CAYMAN: Oh yeah. And I love eating the banana on stage. If there’s going to be something to eat on stage and sing, the banana is the least offensive thing to me…It’s really the perfect stage food. (Laughs)
DAVID: What’s your favorite moment in the show?
CAYMAN: Well my favorite number in the show is “Tom, Dick or Harry,” which I’m not in, but it features the amazing Robyn Hurder as Bianca, and these three men, Clyde Alves [Lucentio], Richard Peacock [Hortensio], and Con O’Shea-Creal [Gremio]. They just tap dance up a storm, and it’s just one of the most thrilling production numbers I’ve ever seen! The first time they did it in rehearsal I teared up because it was so exciting. It’s just everything you want from a show stopper. Robyn absolutely slays it, and they’re all such incredible artists. Their dancing is unreal, so it’s really fun for me to watch. My favorite number to perform is “I Hate Men.” It’s an exciting time to be singing that song, here in 2018. I’ve just not been given the opportunity to do a lot of comedic roles previously, so it’s exciting to get to tear-up the scenery and throw things, and screech, and give birth, and eat a banana. It’s really a delight. I just love singing that song.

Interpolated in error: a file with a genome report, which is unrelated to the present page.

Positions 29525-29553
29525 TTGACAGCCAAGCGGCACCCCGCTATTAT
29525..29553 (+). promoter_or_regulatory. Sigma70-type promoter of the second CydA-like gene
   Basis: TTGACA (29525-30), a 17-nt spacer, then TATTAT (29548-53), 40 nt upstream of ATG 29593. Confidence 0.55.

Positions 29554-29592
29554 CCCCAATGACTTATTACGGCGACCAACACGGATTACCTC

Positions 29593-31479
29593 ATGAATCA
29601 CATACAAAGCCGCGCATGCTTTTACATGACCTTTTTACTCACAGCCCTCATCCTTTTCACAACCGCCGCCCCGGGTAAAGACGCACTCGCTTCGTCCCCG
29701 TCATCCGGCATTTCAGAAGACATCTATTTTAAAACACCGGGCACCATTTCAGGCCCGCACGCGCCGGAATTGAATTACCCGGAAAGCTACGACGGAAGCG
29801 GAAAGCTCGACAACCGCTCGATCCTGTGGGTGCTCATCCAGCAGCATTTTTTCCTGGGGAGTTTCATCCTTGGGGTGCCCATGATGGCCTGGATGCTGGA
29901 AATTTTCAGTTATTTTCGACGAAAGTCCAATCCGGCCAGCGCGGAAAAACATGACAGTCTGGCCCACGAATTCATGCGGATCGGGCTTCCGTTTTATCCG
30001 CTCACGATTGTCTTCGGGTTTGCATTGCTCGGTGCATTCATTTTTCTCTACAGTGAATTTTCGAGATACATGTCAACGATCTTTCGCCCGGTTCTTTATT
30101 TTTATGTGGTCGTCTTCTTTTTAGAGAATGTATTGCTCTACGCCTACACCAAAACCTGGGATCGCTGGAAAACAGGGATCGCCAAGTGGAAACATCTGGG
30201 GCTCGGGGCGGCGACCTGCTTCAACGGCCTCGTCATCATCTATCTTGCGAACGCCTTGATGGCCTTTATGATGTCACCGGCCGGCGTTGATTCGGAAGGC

DAVID: That was quite a fun scene. What do you hope that the audience will take with them after seeing the show? .. .Especially young audiences in this #MeToo era, people who aren’t familiar with the history of the show or even what it’s about. I mean, a lot of people think it’s just the musical version of THE TAMING OF THE SHREW, but it’s really so much more than that.
CAYMAN: I agree! You know I think it’s a misconception, I believe, that people have that Lilli is changed by Fred at the end of the piece. I just absolutely disagree with that. I think Fred allows her to be this unapologetic, tempestuous creature that she needs to be. And Harrison, who she’s engaged to for the bulk of the show, does not allow that. If anything, I think that Harrison is Petruchio and Fred is not. Fred wants her to be herself.